On February 20, 1909, Hogg and outfielder Frank Delahanty were sold to the Louisville Colonels of the American Association. The Louisville newspaper account of the transaction welcoming the new players quoted Clark Griffith as saying, “You cannot get better men.”29 Hogg reported to Louisville on March 12 and quickly signed his contract. Described as “husky,” he assured fans that while he had been sick most of 1908, he was now in fine condition and ready to help the team.30A photograph published a few days later showed him as round-faced and looking older than his 27 years.31
Once in town, Hogg got to work with his manager and catcher Heinie Peitz.32 Unfortunately, after just a couple of days he was bedridden with an illness. His conditioning was slowed because of that and he only pitched five scoreless innings in his first exhibition, but fans were thrilled to see his “splendid form” even if he was not yet in top shape.33
Hogg’s first regular-season appearance came on April 17 when he beat Columbus, 6-5. He allowed 11 hits but did not walk a man. Most impressively, he smashed a double down the right-field line to drive home a run.34 He followed that with a 13-inning shutout to cement his place in the pitching rotation. The Colonels would be in the thick of the pennant race all season and emerge as champions. Hogg was second on the club in wins (17) and innings pitched (295).
The team played exhibition games for a couple of weeks after the season. When they concluded, Hogg joined teammate Tom Reilly and headed south to New Orleans. There the duo joined Peter Braquet’s semipro team where Hogg tossed a shutout in his first appearance.35 Focused on impressing scouts and earning his way back to the majors, Hogg took the hill frequently through November but was suddenly bedridden after his November 28 start.
Bill Hogg died on December 9, 1909, from Bright’s disease, which attacks the kidneys and is often accompanied by high blood pressure and swelling (which might explain the roundness of his face in the picture from March). Exactly how long he had suffered with the disease is unknown, but it helped to explain his illnesses in 1907-09. His remains were sent by train to Louisville with Reilly accompanying Hogg’s wife on the journey.36 From there the family traveled to New York where Hogg was buried in Lutheran All Saints Cemetery in Queens on December 12. Clark Griffith was reported to have attended the funeral.
Mathilda and Adelaide Hogg remained in New York living with Mathilda’s mother. In April, Hogg’s mother, Addie, filed suit against William’s insurance company for the benefits of his life insurance policy.37 Whatever became of that litigation is unknown because Addie died suddenly in June. Many newspapers emblazoned headlines saying she died of grief.38
Baseball Reference and Retrosheet were used for statistics (unless otherwise noted). Ancestry.com was consulted for family background.
This biography was reviewed by William Lamb and Norman Macht and fact-checked by Alan Cohen.
1 “Pueblo Players Report,” The Sporting News, March 20, 1900: 1.
2 Baseball Reference lists him at 200. However, the New York Sun from January 14, 1907 (page 7) says he ended 1906 at 160 and started 1907 at 180. It should also be noted that the nickname Buffalo Bill was attributed to Hogg. This appears to have been a creation of a newspaper story in the 1980s and was not found in use by this author during Hogg’s lifetime.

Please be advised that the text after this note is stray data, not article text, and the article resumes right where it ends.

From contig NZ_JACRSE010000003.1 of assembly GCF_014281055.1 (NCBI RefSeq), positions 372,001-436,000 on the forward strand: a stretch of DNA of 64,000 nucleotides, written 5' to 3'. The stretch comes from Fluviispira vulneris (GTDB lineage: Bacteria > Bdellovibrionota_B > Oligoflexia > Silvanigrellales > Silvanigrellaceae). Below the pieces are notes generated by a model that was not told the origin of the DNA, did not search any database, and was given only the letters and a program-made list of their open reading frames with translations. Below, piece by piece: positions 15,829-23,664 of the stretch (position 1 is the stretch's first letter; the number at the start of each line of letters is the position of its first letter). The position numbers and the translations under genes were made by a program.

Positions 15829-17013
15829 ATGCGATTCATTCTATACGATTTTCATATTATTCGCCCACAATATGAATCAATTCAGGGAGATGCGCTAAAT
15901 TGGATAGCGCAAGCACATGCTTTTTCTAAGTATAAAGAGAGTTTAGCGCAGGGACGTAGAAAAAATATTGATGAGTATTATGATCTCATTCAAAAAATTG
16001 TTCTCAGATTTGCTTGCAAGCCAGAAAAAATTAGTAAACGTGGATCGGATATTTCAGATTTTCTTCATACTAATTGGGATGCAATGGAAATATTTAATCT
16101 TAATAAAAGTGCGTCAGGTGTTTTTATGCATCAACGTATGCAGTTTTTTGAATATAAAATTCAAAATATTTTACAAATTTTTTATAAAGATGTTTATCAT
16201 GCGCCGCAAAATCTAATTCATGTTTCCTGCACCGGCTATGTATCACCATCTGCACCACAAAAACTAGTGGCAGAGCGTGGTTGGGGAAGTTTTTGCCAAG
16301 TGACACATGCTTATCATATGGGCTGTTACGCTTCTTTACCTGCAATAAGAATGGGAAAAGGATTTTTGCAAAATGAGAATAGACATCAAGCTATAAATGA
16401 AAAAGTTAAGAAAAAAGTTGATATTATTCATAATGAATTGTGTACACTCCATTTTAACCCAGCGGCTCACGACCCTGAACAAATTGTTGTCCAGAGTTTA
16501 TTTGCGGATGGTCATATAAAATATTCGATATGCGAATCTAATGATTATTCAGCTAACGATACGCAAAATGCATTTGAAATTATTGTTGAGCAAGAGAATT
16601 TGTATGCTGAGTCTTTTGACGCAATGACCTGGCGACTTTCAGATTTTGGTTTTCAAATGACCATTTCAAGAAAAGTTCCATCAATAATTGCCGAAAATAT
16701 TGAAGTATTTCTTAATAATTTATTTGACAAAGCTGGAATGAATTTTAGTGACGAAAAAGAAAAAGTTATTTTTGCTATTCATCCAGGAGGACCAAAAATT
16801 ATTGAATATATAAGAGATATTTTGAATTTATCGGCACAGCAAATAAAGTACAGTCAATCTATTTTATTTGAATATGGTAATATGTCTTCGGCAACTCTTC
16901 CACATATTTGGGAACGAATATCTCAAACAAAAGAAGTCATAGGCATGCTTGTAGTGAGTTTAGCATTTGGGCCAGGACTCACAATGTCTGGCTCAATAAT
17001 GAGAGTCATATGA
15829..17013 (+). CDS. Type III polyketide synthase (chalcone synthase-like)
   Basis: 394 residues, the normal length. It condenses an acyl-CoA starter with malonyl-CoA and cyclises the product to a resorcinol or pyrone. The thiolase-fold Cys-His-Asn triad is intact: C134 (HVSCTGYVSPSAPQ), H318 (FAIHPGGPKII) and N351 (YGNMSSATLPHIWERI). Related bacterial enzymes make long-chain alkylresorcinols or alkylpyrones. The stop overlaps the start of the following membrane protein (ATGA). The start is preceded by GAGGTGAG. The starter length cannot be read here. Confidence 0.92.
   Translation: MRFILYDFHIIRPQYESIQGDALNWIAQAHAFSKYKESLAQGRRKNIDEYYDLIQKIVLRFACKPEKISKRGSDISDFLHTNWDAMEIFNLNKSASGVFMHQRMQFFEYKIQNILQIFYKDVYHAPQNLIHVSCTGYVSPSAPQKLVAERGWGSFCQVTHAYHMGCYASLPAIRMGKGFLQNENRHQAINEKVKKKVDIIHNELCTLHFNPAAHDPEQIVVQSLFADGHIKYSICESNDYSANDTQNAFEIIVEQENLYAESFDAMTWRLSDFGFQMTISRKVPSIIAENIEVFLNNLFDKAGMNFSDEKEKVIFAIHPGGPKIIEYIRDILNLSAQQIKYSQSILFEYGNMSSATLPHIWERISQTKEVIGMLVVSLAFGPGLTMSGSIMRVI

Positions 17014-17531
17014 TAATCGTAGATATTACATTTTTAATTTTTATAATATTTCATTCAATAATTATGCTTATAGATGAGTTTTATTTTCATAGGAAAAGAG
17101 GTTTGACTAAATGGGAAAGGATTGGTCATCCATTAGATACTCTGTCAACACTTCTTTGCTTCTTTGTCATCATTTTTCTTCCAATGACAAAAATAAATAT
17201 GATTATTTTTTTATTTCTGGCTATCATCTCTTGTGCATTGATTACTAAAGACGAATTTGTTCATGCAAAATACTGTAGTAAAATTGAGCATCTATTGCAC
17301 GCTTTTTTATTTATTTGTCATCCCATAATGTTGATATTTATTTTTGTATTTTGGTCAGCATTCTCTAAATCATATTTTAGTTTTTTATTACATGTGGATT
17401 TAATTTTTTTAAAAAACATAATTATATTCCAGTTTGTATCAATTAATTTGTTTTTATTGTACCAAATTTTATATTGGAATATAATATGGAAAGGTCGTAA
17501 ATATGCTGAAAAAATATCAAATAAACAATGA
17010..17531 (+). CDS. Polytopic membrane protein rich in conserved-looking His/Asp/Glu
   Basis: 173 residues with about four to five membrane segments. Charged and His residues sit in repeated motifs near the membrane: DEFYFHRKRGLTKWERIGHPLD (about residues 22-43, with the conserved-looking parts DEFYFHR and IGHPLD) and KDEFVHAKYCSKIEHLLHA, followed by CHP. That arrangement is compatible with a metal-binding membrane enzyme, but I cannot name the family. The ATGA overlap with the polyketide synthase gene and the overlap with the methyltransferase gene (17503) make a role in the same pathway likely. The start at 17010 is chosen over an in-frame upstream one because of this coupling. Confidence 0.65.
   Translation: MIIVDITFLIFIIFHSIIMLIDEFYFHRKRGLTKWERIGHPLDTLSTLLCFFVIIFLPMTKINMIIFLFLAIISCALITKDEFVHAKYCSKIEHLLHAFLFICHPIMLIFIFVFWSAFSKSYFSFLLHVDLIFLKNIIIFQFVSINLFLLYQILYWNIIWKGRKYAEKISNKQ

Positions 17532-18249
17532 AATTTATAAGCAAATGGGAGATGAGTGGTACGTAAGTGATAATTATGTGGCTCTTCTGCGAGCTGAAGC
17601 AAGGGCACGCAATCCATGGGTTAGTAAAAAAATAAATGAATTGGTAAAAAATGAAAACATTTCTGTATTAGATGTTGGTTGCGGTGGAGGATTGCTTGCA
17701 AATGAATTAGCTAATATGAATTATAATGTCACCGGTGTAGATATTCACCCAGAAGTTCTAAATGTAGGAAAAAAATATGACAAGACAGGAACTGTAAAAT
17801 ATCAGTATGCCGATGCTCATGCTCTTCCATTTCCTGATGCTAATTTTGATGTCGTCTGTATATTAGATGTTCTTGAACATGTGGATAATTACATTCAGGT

3 “Good Pitcher Lost in “Piggy” Hogg,” Anaconda (Montana) Standard, December 22, 1909: 2.
4 “Sacred Concert Opens Pageant,” Rocky Mountain News (Denver, Colorado), July 3, 1899: 3.
5 “Hogg Rattled in the First,” Rocky Mountain News, August 7, 1900: 6.
6 “Keep Your Eyes on Hogg,” Rocky Mountain News, November 26, 1901: 8.
7 “Hogg Breaks His Arm,” Seattle Times, September 15, 1902: 11.
8 Willie Hogg Has Trouble,” Chronicle (Spokane, Washington), April 11, 1908: 17.
9 “Batting the Hot Air,” Oregonian (Portland, Oregon), June 11, 1903: 6.
10 “Willie Hogg Jumps Dug,” Seattle Star, June 13, 1903: 2.
11 “Hogg in Disgrace,” Seattle Star, August 3, 1903: 2.
12 “San Francisco 5, Spokane 1,” Seattle Times, August 7, 1903: 5.
13 “Their Work in Fielding,” Anaconda Standard, June 5, 1904: 10.
14 “Helena Team Wins Game,” Anaconda Standard, July 25, 1904: 8
15 “Pacific Coast League,” Anaconda Standard, September 26, 1904: 8.
16 “Ike Butler in Charge of Team,” San Francisco Chronicle, October 18, 1904: 8.
17 Allen Sangree, “Batsmen, Beware!” Evening World (New York), March 20, 1905: 8.
18 “Keeler’s Homer Won,” Washington Post, April 26, 1905: 4.
19 “Bill Bradley’s Arm Broken,” Buffalo Enquirer, July 20, 1906: 8.
20 “Ugly Charges in Big Leagues,” Minneapolis Journal, July 21, 1906: 4.
21 “Prompt Denial from Griffith,” Cleveland Plain Dealer, July 21, 1906: 6.
22 “American League,” New York Times, May 3, 1907: 8.
23 “American League for 1908,” New York Sun, January 12, 1908: 26.
24 “Yankees Beat New York,” New York Tribune, April 13, 1908: 8.
25 “Hogg’s Ill Luck,” Sporting Life, December 18, 1909: 2.
26 “Forced to Quit,” Sporting Life, July 25, 1908: 7.
27 An exact wedding date has not been discovered. The identification of Mathilda and Adelaide was made possible by a picture in the Brooklyn Times Union on March 31, 1924: 10. It showed Oceanside Long Island high school girls’ basketball team and identified Adelaide Hogg as the daughter of the late pitcher Billy Hogg. From there ancestry.com provided the additional information.
28 “Players Must Be in Shape to Get Salary,” Buffalo Courier, December 25, 1908: 8.
29 “New Players Are Secured,” Courier-Journal (Louisville, Kentucky), February 21, 1909: 28.
30 “Pitcher Hogg Reports to Duty for the Colonels,” Courier-Journal, March 12, 1909: 7.
31 “Hogg Pitcher,” Courier-Journal, March 19, 1909: 9.
32 “Heinie Peitz Now Manager,” Courier-Journal, February 14, 1909: 29.
33 “Chat of the Game,” Courier-Journal, April 8, 1909: 8.
34 “Four Straight for Colonels,” Courier-Journal, April 18, 1909: 33. Hogg only had three extra-base hits in his major league career.
35 “In Pretty Game, Braquets Beat the Beavers-One to Nothing,” Times-Democrat (New Orleans), November 1, 1909: 13.
36 “Hogg’s Remains Arrive To-Day,” Courier-Journal, December 10, 1909: 6.
37 “Mother Sues for Insurance,” (Butte, Montana) Post, April 4, 1910: 6.
38 “Greif Causes Death of William Hogg’s Mother,” San Francisco Call, June 13,1910: 2.